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06 August 2018 Photo Sonia Small
Karen Lazenby WomenofKovsies
Dr Karen Lazenby strives for a stronger, rule-based, and consistent governance structure.

A transformed University of the Free State (UFS) will be one that promotes social justice in everything it does, a university where its diverse people feel a sense of common purpose and engagement. The UFS is developing this through its Integrated Transformation Plan (ITP) introduced in January 2017. 

“The majority of the current systems and processes in student administration at the university are still manual. This lack of automation leads to inconsistencies and service failures,” says Dr Karen Lazenby. As Registrar for Systems and Administration, Dr Lazenby is responsible for ensuring a smooth and efficient student lifecycle across all three campuses. 

With the ITP, the Governance: Systems and Administration work stream strives to have a stronger, rule-based, and consistent governance structure with a single line of accountability in student administration across all faculties and relevant support departments on the three campuses. By ensuring this ease of use and access there will be an integrated student experience and greater empowerment of students.

“Our focus is on automation and self-services for students (such as the time-table, requests for additional and ad hoc exams and appeals), to ensure transparency and accessibility of rules and policies, decisions relating to admission, progression rules, awarding of qualifications and graduation and faculty and general rules,” Dr Lazenby said.  It will also entail the optimisation of PeopleSoftCampus (the Enterprise Resource Planning system).

“Through this automation, I would also like to get the university’s student administration to such a level that academic staff can focus their energy on teaching and research and student administration staff can focus more on quality assurance,” said Dr Lazenby.

News Archive

Experts to exchange insights on historical trauma
2014-02-20

Programme

An international group of scholars and practitioners will meet at the Bloemfontein Campus of the University of the Free State on Tuesday 25 and Wednesday 26 February 2014. This will be the first research symposium in a series of four in which experts will share their insights on the aftermath of mass trauma and violence. The symposium brings together scholars from across the globe whose research explores various aspects of historical trauma in Chile, Peru, Cambodia, Rwanda, Kosovo, Mozambique, Germany as well as South Africa.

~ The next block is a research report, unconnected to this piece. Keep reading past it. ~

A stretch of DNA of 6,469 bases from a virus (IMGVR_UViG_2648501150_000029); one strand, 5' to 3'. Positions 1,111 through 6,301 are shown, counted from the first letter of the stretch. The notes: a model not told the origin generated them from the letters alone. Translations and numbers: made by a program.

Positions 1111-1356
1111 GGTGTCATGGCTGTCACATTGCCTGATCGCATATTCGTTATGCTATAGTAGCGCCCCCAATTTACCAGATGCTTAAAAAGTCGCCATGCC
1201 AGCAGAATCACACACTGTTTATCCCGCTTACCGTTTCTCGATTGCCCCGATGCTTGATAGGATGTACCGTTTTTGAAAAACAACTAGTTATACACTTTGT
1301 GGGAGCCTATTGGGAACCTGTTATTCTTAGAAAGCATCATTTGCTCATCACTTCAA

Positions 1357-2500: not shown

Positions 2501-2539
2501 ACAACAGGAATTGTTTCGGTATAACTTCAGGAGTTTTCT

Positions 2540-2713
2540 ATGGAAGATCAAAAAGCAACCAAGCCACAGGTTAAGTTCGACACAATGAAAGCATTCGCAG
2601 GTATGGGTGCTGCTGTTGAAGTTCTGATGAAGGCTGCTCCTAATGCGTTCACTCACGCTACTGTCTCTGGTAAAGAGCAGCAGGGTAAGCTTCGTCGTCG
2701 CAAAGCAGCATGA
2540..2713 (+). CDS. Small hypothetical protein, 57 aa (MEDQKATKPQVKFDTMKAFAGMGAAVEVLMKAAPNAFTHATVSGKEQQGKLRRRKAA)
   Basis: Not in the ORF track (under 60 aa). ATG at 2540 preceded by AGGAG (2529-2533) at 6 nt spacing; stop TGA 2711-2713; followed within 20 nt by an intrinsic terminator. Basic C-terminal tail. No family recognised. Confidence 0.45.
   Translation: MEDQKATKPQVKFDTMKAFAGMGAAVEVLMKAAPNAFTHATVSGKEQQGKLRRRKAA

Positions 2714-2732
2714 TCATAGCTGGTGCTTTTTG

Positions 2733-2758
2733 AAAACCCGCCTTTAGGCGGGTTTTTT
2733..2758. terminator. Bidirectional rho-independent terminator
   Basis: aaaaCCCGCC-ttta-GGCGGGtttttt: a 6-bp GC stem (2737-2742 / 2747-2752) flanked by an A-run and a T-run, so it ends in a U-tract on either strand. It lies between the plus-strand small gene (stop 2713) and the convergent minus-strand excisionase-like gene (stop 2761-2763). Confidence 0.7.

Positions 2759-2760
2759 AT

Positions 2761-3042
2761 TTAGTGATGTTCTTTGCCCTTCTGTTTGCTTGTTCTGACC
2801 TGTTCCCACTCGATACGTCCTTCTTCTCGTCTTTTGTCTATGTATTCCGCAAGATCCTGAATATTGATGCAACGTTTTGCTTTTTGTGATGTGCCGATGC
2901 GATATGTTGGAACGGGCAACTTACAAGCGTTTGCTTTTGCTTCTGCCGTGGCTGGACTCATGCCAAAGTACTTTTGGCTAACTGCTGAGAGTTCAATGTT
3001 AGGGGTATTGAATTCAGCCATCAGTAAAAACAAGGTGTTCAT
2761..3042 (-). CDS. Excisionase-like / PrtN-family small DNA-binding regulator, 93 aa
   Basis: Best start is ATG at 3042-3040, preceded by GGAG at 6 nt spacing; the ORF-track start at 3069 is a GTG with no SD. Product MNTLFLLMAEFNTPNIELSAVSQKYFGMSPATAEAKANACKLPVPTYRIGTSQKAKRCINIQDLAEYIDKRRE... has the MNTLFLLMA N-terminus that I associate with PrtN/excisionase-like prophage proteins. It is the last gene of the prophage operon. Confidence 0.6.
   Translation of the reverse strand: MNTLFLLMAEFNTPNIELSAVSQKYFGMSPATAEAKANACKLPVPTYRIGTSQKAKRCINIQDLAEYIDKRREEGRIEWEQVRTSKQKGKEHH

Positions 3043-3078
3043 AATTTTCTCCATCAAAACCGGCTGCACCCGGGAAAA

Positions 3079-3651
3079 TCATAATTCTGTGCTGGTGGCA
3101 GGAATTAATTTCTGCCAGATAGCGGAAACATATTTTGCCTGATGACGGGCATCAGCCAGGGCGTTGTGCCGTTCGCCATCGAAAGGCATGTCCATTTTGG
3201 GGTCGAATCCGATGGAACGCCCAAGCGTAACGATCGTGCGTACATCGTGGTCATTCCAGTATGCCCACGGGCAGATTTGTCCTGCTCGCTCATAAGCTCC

Discussions on South Africa will include the historical traumas of the Anglo-Boer War and the apartheid years. Prof Pumla Gobodo-Madikizela, who is co-hosting the symposium with Prof Björn Krondorfer of Northern Arizona University, explains that the gathering is designed as an International Research Forum with the aim to foster multidisciplinary collaborations. The forum is expected to lead to innovative scholarship, new avenues of inquiry and the advancement of knowledge.

The symposium will kick off on Tuesday 25 February with a morning session from 8:45–12:00. The UFS community is welcome to attend this open forum.This session will include speakers such as Prof Kimberly Theidon of Harvard University and Dr Susan Glisson, Executive Director of the William Winter Center for Racial Reconciliation at the University of Mississippi. Prof Jonathan Jansen, Vice-Chancellor and Rector, will deliver an address followed by a discussion on the Human and Academic Projects at the university as strategies of transformation.

The public session will close with a students’ round-table discussion of the Hector Pieterson iconic photo of the 1976 Soweto Uprisings staged as an event in the Anglo-Boer War.

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